Project A-ko: Final [プロジェクトA子 完結篇] (1989)
Starring Miki Ito, Emi Shinohara, Michie Tomizawa, Tessho Genda, Shuichi Ikeda, Asami Mukaidono, Daisuke Gori, Sayuri Ikemoto, Yoshitada Ohtsuka
Directed by Yuji Moriyama
I can’t say why the filmmakers decided to call it quits at part 4. Perhaps they ran into funding trouble or just ran out of ideas. Maybe it was a case of staff arguing over the direction of the series. Since I’ve never seen any behind-the-scenes info on the Project A-ko sequels (and probably never will), I can only rely on my own unsubstantiated guesses. For whatever it’s worth, I think they realized there wasn’t anywhere else for the series to go and wanted to end the franchise gracefully rather than milk it until it became a stale echo of its former glory.
One of the reasons I say this is because Project A-ko 4 is basically a rehash of the first film. It once again mainly involves an alien invasion that interrupts A-ko and B-ko’s bickering. In fact, the great feud between the two has become so routine that even the other characters are unfazed by it at this point. The big difference this time is that their teacher, Miss Ayumi, is getting married to Kei, so the fight is over him rather than C-ko. This makes C-ko feel abandoned, and she spends much of the film rather depressed.
As much as I disliked the way Kei was used in A-ko 3, those events happened and I’ll just have to live with them. His importance to the plot here follows naturally from that film and is handled well, so my complaints about him are going to stay in part 3. In Final he at least drives the plot away from being a complete retread of the first film. The biggest weakness of this film is its attempts to set up a twist ending. After the first three films, it should be pretty obvious what the aliens are really after; the prophetic talk and the mystic pendant won’t be enough to fool most viewers.
But that is the only major flaw in A-ko 4. The humor works about as well as before, and it has the biggest focus on the action since the first film. It feels more like a Project A-ko film than either 2 or 3 did. The pace is also much faster than any of the previous movies. This is another reason I think Moriyama felt the series had used up its concept. It’s as if he wanted to cram in the last of the ideas before shutting the series down.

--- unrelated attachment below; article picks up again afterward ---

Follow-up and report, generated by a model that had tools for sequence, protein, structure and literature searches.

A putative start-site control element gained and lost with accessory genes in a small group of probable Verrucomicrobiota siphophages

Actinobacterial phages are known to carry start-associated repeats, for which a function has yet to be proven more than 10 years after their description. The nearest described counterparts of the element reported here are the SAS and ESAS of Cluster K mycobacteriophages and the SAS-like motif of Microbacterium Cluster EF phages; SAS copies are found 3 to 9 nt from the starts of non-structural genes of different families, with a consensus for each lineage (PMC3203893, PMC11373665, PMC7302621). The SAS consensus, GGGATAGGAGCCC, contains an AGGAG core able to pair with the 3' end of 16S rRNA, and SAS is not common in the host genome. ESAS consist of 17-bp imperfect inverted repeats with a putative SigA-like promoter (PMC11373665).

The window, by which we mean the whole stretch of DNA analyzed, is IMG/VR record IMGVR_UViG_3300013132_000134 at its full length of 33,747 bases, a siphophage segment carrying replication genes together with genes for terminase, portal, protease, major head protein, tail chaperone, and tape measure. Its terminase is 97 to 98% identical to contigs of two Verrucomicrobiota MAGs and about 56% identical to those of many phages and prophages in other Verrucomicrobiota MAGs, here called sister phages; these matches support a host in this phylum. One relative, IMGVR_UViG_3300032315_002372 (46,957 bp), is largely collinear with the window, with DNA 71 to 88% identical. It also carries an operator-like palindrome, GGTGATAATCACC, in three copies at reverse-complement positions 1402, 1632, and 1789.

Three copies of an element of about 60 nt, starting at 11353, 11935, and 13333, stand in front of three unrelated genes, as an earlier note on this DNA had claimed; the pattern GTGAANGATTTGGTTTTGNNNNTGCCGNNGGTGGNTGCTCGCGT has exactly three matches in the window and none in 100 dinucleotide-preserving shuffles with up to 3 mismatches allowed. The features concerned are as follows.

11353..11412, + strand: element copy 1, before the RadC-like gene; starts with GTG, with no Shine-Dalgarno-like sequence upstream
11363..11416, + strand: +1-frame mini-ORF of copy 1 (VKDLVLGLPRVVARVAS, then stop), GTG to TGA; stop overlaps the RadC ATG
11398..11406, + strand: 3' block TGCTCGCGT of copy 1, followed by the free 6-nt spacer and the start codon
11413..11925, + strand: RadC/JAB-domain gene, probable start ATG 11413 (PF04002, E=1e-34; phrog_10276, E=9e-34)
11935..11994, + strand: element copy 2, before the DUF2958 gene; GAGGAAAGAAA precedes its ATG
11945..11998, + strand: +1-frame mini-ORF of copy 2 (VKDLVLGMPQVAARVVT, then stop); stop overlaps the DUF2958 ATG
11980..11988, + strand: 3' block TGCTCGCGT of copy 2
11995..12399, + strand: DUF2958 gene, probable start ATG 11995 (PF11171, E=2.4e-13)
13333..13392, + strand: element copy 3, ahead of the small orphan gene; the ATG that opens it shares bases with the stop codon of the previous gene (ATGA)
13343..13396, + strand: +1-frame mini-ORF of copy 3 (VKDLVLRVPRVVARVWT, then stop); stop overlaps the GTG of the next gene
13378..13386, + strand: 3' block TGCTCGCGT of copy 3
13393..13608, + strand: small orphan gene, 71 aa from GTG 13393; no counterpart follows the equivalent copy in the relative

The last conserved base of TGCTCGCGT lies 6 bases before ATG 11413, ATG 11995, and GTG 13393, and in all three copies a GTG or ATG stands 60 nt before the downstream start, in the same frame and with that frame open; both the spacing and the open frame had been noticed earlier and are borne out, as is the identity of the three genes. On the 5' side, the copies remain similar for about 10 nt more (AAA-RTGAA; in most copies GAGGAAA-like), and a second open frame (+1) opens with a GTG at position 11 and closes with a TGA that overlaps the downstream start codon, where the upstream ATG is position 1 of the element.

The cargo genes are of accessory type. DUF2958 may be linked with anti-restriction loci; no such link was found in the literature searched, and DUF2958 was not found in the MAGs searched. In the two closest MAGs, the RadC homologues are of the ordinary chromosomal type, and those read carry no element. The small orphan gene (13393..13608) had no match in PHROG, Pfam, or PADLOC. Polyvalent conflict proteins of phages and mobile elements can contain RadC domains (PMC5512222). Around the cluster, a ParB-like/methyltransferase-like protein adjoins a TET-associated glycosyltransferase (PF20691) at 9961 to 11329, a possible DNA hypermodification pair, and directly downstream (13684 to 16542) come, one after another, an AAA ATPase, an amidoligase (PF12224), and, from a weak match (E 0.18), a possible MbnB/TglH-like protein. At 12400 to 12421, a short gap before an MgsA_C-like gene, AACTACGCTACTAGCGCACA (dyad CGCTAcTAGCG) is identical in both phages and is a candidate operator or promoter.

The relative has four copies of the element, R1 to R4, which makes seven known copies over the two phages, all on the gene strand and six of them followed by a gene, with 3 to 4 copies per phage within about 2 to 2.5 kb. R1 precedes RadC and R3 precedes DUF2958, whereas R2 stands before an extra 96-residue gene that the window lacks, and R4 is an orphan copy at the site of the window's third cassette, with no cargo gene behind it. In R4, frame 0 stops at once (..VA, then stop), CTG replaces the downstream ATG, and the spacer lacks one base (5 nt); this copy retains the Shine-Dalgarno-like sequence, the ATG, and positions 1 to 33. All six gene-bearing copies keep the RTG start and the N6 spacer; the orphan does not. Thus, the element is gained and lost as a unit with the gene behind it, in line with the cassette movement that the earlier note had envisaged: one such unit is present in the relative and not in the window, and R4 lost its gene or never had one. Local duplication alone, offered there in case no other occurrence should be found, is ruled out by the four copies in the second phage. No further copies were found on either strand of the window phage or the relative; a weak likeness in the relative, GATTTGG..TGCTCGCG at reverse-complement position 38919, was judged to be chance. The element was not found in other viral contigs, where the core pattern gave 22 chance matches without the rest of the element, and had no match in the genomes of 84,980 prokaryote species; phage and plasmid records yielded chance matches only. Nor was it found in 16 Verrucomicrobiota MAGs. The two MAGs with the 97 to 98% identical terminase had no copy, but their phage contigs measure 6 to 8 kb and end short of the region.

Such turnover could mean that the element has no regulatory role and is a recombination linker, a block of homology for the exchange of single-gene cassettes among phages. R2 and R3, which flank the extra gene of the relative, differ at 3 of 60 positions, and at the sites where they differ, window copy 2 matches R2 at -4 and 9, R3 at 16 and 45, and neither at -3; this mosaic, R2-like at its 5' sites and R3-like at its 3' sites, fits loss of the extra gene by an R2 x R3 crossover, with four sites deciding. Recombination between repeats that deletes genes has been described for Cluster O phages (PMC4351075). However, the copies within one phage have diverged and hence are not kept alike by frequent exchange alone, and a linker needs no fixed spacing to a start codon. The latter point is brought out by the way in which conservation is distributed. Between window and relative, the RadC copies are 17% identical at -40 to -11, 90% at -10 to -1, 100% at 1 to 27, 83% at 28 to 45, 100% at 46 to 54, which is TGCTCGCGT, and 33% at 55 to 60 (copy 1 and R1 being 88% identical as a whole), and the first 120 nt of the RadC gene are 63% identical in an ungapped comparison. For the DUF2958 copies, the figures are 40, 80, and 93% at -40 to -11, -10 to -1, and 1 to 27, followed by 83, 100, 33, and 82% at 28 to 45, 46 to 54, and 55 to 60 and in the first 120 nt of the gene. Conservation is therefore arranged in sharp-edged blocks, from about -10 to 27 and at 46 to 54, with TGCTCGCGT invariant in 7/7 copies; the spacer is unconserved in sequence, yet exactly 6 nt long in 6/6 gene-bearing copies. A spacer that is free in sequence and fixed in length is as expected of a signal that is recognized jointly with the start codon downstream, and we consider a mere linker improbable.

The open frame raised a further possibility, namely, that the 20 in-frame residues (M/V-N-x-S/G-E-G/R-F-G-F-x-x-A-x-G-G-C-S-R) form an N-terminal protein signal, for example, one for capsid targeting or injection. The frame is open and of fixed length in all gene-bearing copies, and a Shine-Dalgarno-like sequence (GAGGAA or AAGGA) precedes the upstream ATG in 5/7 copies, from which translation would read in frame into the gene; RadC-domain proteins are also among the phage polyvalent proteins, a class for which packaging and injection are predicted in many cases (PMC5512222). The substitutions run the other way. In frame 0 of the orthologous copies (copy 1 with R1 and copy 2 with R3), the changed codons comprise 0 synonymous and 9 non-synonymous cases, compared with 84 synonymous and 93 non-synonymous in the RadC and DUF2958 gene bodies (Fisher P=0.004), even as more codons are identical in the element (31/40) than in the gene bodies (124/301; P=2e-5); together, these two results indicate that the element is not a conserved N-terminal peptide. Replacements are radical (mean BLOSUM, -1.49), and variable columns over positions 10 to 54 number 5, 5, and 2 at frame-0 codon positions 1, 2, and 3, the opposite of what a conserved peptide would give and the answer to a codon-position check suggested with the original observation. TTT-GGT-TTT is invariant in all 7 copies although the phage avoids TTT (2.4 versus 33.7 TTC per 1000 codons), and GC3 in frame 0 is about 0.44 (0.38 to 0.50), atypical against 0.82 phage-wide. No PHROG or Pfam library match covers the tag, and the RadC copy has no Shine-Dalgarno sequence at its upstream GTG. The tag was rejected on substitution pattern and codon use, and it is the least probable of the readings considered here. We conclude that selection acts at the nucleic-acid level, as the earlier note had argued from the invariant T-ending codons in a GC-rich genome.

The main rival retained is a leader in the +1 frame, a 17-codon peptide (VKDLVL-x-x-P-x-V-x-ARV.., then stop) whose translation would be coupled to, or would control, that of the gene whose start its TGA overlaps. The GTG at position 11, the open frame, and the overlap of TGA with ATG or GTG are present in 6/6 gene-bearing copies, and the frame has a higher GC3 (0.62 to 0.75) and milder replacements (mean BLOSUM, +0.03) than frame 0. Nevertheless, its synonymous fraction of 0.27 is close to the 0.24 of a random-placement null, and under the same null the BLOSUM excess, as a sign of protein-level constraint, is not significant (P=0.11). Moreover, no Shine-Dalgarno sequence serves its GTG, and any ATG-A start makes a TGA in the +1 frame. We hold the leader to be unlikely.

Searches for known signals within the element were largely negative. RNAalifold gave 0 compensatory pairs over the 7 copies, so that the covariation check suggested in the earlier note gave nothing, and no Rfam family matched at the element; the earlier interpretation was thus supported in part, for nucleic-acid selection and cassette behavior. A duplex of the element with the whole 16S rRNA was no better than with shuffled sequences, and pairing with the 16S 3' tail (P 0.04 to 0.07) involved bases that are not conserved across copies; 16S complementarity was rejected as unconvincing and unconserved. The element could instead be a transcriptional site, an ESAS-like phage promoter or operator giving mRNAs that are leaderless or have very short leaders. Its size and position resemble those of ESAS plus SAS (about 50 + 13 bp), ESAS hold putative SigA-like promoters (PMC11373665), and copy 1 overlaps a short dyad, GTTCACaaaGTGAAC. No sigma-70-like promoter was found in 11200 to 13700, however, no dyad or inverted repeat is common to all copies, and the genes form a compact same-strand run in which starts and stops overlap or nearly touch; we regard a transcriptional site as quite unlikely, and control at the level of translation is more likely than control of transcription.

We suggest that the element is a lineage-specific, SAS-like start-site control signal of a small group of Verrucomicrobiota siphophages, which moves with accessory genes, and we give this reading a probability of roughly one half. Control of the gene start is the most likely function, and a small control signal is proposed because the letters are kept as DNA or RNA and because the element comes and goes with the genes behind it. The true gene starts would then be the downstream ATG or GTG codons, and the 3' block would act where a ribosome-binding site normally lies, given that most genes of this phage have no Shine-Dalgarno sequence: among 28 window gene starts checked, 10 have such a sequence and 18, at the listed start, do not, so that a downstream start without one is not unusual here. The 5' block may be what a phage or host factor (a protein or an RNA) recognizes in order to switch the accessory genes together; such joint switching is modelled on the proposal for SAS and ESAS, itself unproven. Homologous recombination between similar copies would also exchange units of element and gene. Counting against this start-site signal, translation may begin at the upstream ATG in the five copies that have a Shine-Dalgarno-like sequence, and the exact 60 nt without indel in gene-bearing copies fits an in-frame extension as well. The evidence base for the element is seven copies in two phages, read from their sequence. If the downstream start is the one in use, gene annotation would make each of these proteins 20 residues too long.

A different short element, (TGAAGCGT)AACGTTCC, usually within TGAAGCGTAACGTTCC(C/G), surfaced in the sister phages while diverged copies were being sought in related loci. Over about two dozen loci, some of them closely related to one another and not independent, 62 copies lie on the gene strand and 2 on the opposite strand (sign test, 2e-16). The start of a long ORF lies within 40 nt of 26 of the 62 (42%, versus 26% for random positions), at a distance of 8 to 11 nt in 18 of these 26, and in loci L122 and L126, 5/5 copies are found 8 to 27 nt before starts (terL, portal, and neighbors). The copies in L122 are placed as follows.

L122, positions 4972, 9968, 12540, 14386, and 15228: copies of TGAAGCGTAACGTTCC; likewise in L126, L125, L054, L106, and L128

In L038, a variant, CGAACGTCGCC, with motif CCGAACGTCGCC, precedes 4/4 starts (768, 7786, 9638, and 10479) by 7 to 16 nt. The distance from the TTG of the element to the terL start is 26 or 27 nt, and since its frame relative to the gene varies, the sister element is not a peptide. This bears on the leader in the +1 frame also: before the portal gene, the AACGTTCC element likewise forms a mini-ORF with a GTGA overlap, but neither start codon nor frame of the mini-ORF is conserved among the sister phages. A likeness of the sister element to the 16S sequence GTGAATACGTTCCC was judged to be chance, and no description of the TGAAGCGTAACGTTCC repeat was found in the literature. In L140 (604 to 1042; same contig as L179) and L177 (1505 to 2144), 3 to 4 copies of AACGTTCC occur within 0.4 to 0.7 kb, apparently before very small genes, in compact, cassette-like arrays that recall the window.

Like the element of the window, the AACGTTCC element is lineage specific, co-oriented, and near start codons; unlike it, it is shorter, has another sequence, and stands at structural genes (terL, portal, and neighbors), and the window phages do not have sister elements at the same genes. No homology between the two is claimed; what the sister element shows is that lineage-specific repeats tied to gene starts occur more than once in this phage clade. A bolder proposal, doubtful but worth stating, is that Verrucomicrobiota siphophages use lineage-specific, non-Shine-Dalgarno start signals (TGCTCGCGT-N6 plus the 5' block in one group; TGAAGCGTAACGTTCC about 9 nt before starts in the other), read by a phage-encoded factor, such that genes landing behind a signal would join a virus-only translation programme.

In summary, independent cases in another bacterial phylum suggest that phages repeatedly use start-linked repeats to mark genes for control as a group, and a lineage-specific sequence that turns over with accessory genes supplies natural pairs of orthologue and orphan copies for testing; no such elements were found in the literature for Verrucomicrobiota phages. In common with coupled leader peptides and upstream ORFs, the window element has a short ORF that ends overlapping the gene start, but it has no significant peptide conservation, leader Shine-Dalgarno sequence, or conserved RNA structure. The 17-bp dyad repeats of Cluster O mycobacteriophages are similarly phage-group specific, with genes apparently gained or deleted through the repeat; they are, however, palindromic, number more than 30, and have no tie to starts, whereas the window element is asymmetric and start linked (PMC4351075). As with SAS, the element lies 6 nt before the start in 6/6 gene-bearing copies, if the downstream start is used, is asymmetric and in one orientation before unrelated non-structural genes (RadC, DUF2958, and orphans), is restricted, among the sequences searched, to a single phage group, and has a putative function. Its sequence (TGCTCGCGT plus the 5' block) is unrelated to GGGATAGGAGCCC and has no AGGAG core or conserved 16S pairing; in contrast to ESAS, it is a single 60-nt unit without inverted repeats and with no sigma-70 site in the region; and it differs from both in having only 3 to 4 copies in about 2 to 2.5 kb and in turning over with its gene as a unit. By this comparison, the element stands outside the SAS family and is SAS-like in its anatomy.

B-ko’s father also makes a welcome return in this film, though he lacks quite the same rambunctiousness he had in Project A-ko 2. D and Captain Naploipolita are still pretty much relegated to extras, but at least they get a few good lines in. I do wish we had gotten an explanation of what happened to their ship at the end of Cinderella Rhapsody, though. The commander of Earth’s military defenses is back, too, and he’s more entertaining than ever thanks to the psychological scars he’s developed over the course of the series mingled with a bit of political corruption.
So the whole gang is back together, and it’s all pretty damn fun. Looking at things objectively, I have to call this the best of the three sequel films, though still not as good as the original. Good action, goofy comedy, and a lot of characters get their chance to shine one more time. But in terms of personal preference, I have to say I enjoyed Project A-ko 2 more. In Final there is a sense of having been here before. The situation just seems old. We’ve seen giant combining robots. We’ve seen alien invasions. We’ve seen A-ko and B-ko punching each other. Project A-ko 2 was a slower film without much sense of purpose, but it felt like the series and its world were opening up and expanding. It had the promise of great things to come, whereas Final feels like the series is closing in on itself, ending possibilities and cementing concepts that don’t have anywhere to go.
As the conclusion to the series, I suppose that isn’t a bad thing. I guess my problem is that I think the series had more potential it could have lived up to if things had gone differently. The constant battles between A-ko and B-ko were destined to grow tiresome, but Urusei Yatsura’s concept wasn’t all that much different from Project A-ko, and it spanned six films (several of which Moriyama had worked on previously) and over 200 episodes without turning into shit along the way. But it sustained that length through constantly introducing new characters and situations, each of which brought new problems and thus renewed interest. The cast of Urusei Yatsura was gargantuan by the end of it, and most of the characters were unique and memorable.
Could Project A-ko have done the same? Maybe. The second and third films were clearly trying to, but for whatever reason the staff decided it wasn’t going to work out. As much as this is disappointing, I do have a great amount of respect for someone who can recognize when an idea has run its course and has the integrity to put a capstone on it instead of shoveling shit at us for as long as possible. And if that’s what we got here, then I can be thankful for it.
As with the two previous films, Project A-ko 4 is collected in Project A-ko: Love & Robots should you have trouble finding it.